Coastal Science and a Low-Cost, DIY Ultrasonic Water Level Sensor

In this guest post, Grace Lower writes about low-cost, open source DIY water level sensors, their role in coastal science education and potential for flood alerts in coastal communities.

Coastal Science and a Low-Cost, DIY Ultrasonic Water Level Sensor


Coastal science is a field that morphs oceanography, geology, chemistry, biology, physics, and engineering into a broad sector of environmental science specific to Earth’s coastal regions. Now more than ever, coastal science is proving vital as climate change threatens coastal communities with rising sea levels, increasingly intense storms, record-breaking ocean temperatures, and damaged ecosystems. The downstream effects of these risks are innumerable—a notable threat being more frequent and extreme natural disasters like floods. Even sunny day floods—that is, flooding from high tides in the absence of severe weather—are increasing as sea level continues to rise. The detriments of coastal flooding extend beyond the nuisance of excess water, as coastal flooding can:  

  • Produce life-threatening situations (e.g. driving / walking / swimming in dangerous floodwaters, exposure to contaminated waters, etc.); 
  • Create economic burden and damage property; 
  • Hurt natural ecosystems, crops, and livestock; 
  • Overflow wastewater ponds, which leaches disease-causing microorganisms and chemicals into drinking and ground water; and 
  • Generate runoff from farms, golf courses, and other areas that use fertilizers, which can lead to algal blooms (in turn, affecting aquatic food webs).

With these risks in mind, it’s clear that monitoring changing water levels and flood risk is essential in empowering coastal communities. Ultrasonic sensors provide a robust method of measuring water levels but have historically been inaccessible in education or community settings due to their high costs and required expertise. However, a low-cost, do-it-yourself (DIY) ultrasonic water level sensor has been developed by Dr. Phil Bresnahan’s COAST Lab initially at Scripps Institution of Oceanography and now at the University of North Carolina Wilmington for use in research, education, and participatory science. The project’s open-source nature and low-cost components, with central focuses on research, education, and community engagement, make it an exciting prospect for the future of participatory coastal science.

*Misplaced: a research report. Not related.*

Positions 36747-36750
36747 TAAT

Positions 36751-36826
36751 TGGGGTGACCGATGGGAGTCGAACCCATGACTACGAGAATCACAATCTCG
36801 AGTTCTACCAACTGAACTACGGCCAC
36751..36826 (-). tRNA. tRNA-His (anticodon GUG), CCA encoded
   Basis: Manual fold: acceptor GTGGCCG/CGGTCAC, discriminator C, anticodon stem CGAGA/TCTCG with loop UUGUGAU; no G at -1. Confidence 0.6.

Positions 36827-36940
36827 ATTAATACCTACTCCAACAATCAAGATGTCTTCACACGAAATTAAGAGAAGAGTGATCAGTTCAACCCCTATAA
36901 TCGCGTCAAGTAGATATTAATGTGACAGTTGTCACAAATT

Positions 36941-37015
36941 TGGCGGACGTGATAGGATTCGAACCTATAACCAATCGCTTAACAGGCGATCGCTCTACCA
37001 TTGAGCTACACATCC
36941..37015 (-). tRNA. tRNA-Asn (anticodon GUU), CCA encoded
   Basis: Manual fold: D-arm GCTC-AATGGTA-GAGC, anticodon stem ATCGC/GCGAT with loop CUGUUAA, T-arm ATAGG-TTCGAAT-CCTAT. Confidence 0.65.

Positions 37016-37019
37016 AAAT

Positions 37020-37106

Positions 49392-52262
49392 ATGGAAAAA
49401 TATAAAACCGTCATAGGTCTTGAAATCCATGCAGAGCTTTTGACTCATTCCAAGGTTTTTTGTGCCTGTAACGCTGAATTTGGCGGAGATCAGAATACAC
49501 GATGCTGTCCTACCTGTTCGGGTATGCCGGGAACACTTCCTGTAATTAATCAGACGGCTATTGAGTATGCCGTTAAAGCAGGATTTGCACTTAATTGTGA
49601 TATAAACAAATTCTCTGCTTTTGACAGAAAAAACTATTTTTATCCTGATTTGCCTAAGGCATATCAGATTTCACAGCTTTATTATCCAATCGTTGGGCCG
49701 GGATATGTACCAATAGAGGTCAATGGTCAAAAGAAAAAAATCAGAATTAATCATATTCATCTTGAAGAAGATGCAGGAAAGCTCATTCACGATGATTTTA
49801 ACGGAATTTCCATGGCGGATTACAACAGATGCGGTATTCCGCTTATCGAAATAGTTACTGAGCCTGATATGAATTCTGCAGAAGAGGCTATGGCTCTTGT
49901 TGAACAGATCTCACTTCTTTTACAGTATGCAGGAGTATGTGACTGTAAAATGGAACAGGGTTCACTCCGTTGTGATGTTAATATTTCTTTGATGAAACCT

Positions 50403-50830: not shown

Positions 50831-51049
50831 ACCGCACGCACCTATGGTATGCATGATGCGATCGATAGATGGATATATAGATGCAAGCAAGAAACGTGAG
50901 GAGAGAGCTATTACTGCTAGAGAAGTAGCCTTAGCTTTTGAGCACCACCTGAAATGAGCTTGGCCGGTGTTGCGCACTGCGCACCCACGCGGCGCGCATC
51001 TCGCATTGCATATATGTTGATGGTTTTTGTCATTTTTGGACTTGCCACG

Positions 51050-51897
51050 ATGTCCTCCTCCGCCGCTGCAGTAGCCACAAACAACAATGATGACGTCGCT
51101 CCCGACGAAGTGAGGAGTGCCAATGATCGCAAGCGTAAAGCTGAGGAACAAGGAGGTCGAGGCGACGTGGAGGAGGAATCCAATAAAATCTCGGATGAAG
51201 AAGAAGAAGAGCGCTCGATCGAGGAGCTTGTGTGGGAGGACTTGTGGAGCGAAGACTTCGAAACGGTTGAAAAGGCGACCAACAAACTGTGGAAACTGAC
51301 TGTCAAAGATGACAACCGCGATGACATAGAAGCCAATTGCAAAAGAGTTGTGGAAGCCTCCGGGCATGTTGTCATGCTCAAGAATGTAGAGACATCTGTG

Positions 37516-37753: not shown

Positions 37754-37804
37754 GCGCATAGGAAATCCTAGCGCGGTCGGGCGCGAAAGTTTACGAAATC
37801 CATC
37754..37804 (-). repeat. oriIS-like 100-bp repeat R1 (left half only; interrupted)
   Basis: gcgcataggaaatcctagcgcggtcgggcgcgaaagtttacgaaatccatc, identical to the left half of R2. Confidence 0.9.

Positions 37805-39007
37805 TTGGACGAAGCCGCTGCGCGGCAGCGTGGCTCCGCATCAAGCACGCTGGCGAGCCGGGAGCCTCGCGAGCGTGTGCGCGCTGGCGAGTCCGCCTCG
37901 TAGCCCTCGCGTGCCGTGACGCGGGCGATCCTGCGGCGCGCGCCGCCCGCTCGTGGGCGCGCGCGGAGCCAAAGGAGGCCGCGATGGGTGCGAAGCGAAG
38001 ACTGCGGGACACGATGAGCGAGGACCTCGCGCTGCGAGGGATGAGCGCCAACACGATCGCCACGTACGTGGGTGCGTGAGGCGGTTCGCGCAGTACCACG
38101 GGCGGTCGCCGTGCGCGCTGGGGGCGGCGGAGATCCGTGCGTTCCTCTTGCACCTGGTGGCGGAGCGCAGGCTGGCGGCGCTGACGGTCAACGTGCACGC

An early version of the low-cost, DIY sensor, modeled with a gelato container and fruit cup. This model showed precise data compared to commercial sensors while holding true to the low-cost initiative.

Low-cost, DIY ultrasonic water level sensor

It’s important to understand what is meant by an “in-situ ultrasonic sensor” to grasp why this device is useful, and why the development of a low-cost DIY version is significant. First, in-situ testing refers to measuring a variable in its natural location. Second, an ultrasonic sensor uses a transducer to direct ultrasonic sound waves at an object whose relative proximity is to be measured. 

In the context of water level testing, a water body's surface (i.e. the surface of a creek, bay, lake, etc.) is the object whose proximity is being measured. The sensor records the time it takes for the ultrasonic pulse to reflect off the water and return to its receiver. By comparing this time against a known speed of sound, the device calculates the distance between the sensor and surface. When a sensor is properly surveyed in—that is, its absolute height is accurately known—distance between the sensor and water can be easily converted to a water level. 

Put simply, using an in-situ ultrasonic sensor is an efficient way to measure water level by measuring a water surface’s position relative to the sensor’s position. The differences between these values are collected to track changes in the water’s level over time. 

An early version of the "gelato model" low-cost, DIY sensor. Note that the newer version (shown below) uses an updated ultrasonic sensor, cellular transmission, and a solar panel, resulting in improved functionality and a higher price (~375 USD) as opposed to the original ~100 USD version shown here.

Sensor’s Role in Participatory Science  

It’s important to note that using in-situ ultrasonic sensors to quantify water level is not a new concept; rather, this methodology already exists and is known to be effective. The DIY sensor is unique in that its total cost is much lower than traditional models, with its components at a sum cost of ~375 USD. Furthermore, its open-source, easy-to-understand procedures were designed with users of various experience levels in mind. The idea of participatory science is gaining momentum in the scientific world, as including communities in environmental research can spread interest in safe environmental practices, sources and risks of anthropogenic climate change, and addressing coastal flood events. As detailed in the published article accompanying a prior version of the low-cost sensor (DIY OCEANOGRAPHY • A Low-Cost, DIY Ultrasonic Water Level Sensor for Education, Citizen Science, and Research) ...